Retrieving memories of reward-predicting experiences and acting upon them are crucial for survival. Our research primarily focuses on identifying the neural circuits responsible for reward memories and goal-directed behavior. Additionally, we delve into understanding the role of working memory in facilitating planning, reasoning, and problem-solving.
Unraveling the functions of these neural circuits is pivotal for developing treatments that can prevent or mitigate emotional and cognitive problems in various diseases.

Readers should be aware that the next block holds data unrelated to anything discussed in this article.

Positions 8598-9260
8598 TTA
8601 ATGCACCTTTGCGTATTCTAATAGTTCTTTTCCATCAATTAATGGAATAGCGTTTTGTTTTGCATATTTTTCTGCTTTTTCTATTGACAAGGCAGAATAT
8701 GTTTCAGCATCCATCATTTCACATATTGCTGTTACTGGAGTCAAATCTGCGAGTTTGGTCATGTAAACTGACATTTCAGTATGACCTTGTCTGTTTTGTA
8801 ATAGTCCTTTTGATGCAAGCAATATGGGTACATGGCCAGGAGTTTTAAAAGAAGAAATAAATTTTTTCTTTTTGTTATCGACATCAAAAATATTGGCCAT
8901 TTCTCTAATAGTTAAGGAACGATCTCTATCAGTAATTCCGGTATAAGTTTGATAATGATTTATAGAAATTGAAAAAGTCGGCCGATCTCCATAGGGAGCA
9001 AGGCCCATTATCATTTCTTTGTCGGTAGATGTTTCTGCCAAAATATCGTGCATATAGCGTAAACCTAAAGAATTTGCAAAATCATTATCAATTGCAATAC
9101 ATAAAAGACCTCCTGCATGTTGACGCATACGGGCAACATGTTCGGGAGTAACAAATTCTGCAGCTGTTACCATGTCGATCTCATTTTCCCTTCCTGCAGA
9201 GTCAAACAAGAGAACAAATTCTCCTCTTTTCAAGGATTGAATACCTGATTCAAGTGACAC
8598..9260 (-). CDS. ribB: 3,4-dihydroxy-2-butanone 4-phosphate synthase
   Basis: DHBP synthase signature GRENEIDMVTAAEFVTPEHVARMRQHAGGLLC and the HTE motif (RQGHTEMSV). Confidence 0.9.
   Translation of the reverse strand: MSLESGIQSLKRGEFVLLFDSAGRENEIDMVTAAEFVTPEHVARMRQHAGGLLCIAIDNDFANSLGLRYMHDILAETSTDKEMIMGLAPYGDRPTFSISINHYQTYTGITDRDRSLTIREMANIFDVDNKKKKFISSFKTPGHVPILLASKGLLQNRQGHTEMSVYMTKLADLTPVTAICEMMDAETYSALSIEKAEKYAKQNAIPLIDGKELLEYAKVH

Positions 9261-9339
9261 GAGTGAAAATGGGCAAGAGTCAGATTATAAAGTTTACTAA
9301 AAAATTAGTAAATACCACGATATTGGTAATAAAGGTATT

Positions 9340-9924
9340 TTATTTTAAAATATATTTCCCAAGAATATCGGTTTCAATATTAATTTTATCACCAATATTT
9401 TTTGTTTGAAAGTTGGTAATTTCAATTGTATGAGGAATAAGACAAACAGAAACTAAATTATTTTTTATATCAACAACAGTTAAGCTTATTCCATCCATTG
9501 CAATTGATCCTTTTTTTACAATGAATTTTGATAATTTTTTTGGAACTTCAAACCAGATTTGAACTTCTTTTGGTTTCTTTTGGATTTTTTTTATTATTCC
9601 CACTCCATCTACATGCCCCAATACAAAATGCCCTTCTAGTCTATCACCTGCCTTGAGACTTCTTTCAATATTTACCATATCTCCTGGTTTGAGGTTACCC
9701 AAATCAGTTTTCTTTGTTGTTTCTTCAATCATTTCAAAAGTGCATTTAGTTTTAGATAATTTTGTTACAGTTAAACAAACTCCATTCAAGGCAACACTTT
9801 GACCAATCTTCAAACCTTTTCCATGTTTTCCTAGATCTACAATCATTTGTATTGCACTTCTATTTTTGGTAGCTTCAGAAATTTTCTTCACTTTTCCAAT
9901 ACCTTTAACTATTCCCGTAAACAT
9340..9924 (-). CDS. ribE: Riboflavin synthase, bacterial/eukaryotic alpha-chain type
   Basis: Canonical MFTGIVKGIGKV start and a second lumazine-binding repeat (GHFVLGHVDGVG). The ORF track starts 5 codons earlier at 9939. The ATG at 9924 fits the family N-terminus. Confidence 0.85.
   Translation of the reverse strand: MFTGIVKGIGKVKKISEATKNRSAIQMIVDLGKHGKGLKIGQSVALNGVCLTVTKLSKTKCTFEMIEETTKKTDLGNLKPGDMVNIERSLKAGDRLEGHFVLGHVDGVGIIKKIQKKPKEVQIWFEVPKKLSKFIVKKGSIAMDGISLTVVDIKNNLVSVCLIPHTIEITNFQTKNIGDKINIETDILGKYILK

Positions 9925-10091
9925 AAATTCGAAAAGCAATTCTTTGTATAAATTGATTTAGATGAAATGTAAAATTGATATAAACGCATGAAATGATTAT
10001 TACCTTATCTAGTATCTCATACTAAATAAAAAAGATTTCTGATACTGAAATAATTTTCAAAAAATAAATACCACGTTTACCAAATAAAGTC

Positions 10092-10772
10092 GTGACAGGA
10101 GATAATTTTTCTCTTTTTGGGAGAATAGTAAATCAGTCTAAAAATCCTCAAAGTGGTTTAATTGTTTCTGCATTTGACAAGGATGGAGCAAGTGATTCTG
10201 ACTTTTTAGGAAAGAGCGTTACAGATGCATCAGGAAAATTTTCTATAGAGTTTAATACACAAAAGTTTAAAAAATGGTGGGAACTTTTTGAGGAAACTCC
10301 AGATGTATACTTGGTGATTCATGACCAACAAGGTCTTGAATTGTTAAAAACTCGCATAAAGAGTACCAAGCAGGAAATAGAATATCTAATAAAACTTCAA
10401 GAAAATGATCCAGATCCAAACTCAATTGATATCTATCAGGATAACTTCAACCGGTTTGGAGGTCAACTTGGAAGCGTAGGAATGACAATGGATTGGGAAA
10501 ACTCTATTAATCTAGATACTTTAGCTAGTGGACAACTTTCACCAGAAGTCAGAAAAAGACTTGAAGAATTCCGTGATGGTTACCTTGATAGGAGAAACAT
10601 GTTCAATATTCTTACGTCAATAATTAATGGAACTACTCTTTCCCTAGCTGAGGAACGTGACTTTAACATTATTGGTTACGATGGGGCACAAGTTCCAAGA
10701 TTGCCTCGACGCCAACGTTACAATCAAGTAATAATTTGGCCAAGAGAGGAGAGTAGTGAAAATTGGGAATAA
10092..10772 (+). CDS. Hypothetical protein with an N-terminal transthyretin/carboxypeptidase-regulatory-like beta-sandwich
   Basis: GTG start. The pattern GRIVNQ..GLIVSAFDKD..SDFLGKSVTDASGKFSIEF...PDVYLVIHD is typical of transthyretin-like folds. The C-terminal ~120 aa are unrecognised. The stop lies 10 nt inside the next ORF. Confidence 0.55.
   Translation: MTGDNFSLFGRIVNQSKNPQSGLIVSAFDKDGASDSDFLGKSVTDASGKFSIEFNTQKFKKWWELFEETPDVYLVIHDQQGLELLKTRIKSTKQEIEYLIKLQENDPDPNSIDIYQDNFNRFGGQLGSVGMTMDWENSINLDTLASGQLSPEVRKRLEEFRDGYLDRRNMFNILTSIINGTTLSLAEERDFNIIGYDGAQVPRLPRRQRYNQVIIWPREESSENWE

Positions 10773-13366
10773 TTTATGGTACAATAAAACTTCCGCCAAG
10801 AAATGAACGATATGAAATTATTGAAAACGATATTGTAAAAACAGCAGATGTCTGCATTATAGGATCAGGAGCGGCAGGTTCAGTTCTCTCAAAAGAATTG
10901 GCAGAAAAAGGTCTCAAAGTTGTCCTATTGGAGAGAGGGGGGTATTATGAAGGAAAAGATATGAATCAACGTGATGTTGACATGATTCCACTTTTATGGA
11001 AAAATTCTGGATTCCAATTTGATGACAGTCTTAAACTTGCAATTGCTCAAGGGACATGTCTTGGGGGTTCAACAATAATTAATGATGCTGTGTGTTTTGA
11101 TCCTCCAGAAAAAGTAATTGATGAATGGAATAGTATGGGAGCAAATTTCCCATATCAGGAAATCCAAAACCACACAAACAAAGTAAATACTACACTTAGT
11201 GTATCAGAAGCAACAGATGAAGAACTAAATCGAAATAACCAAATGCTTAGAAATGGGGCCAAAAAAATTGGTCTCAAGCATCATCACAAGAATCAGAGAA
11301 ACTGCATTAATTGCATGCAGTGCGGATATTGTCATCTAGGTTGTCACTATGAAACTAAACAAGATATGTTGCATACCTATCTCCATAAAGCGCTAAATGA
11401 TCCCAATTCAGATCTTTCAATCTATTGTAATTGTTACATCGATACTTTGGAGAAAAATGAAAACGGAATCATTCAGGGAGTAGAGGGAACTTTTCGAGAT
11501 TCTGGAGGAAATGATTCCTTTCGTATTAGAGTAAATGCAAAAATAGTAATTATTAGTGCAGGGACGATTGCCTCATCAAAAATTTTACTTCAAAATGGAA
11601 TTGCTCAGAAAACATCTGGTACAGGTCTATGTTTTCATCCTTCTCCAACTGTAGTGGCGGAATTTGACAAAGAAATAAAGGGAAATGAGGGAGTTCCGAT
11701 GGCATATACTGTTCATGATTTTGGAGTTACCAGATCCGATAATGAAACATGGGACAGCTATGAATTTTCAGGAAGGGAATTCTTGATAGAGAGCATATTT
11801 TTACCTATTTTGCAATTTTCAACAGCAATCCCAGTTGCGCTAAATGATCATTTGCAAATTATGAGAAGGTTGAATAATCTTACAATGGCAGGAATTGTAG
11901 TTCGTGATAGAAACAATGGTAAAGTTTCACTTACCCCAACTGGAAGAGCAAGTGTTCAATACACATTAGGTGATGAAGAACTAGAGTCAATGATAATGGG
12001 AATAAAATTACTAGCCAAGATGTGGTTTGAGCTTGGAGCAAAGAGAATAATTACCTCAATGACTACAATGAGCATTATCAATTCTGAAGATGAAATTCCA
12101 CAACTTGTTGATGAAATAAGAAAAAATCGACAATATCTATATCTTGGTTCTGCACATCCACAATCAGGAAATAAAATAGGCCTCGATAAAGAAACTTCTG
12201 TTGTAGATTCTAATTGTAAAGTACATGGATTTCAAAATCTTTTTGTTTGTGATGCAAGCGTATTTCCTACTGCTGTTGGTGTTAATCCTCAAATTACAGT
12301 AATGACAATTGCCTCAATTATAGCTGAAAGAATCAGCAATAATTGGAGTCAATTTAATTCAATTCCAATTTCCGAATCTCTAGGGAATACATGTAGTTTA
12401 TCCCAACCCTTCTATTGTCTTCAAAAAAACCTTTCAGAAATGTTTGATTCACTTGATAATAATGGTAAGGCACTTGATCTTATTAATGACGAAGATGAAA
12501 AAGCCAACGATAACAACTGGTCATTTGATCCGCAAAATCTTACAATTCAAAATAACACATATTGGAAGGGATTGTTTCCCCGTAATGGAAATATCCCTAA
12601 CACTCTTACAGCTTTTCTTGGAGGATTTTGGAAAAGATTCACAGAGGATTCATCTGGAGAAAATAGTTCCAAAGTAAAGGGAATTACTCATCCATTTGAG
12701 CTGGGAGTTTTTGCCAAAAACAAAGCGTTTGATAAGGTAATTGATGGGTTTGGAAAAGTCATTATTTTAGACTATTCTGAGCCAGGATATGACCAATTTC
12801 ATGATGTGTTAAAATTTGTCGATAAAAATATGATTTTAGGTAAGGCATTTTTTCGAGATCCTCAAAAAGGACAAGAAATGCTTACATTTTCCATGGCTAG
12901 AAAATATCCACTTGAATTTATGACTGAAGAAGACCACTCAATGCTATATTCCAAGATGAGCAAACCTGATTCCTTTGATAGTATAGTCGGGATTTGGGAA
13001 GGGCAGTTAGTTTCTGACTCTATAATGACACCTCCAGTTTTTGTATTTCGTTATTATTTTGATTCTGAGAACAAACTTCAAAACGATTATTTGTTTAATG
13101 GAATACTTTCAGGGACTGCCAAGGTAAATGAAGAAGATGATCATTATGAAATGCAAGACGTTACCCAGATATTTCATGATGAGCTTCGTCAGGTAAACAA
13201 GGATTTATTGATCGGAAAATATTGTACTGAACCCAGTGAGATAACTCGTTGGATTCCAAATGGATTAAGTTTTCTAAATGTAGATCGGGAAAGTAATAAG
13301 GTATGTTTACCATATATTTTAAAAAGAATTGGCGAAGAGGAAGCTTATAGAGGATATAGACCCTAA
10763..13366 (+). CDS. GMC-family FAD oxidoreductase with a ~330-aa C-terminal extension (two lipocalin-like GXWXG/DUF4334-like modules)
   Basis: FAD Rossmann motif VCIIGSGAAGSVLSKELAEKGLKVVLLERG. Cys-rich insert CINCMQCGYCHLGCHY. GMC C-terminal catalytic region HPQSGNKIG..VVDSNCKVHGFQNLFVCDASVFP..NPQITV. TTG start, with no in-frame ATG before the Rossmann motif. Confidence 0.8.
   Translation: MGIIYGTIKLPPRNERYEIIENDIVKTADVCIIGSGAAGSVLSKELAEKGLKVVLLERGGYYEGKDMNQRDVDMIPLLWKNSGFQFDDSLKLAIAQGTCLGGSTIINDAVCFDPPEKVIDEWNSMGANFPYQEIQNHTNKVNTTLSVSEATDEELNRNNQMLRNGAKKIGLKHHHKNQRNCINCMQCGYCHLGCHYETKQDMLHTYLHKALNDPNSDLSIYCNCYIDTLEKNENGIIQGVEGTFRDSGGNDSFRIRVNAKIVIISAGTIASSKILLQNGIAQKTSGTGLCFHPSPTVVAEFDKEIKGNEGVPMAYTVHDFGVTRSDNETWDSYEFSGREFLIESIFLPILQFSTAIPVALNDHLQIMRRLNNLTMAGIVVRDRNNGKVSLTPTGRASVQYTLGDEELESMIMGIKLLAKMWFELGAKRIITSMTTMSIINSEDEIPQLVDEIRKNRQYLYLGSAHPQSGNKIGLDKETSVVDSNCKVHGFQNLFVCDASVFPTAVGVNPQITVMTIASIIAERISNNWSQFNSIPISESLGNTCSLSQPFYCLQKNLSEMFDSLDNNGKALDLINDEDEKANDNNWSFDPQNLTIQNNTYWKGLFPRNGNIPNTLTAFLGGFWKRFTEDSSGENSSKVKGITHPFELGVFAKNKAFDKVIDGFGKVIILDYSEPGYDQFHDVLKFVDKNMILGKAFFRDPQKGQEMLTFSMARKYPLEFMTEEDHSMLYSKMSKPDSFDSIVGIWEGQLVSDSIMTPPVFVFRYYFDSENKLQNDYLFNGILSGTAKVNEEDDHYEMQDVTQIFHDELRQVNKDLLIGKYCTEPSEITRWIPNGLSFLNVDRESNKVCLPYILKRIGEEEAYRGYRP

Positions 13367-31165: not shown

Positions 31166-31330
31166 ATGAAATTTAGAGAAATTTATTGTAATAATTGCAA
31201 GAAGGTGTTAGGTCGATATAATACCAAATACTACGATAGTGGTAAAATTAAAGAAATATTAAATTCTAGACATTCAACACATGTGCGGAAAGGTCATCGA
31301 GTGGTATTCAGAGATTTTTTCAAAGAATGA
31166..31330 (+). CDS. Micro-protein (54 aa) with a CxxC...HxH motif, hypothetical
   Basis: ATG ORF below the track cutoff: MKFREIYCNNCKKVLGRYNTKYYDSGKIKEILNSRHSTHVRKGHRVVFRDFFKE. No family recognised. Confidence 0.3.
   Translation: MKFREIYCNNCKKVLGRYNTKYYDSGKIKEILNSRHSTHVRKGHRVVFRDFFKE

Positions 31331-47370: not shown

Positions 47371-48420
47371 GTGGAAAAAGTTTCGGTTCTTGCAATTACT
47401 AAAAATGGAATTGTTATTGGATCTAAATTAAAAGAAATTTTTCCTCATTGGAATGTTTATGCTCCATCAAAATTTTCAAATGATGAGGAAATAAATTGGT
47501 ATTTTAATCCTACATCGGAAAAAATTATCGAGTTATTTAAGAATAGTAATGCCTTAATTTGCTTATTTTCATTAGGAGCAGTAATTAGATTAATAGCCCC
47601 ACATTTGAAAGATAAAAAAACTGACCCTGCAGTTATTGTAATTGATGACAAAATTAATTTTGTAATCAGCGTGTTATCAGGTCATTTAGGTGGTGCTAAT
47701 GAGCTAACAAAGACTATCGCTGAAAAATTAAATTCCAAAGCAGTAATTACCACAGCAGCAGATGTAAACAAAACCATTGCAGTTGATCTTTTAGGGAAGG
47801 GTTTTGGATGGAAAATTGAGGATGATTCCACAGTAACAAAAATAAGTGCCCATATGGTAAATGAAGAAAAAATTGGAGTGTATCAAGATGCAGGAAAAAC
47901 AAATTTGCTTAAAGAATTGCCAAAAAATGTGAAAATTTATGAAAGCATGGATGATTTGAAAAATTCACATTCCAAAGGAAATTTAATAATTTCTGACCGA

Furthermore, we are interested in exploring the impact of pedagogical tools, particularly Universal Design for Learning (UDL). Our aim is to investigate how UDL influences students' self-efficacy and academic performance. By fostering an inclusive learning environment, we hope to inspire students of all abilities to delve deeper into neuroscience.
Neural mechanisms of reward representation and reward relativity
Reward loss and drug-seeking behavior
Working memory and memory for time in a rat model of ADHD
Universal Design Learning in Neuroscience Education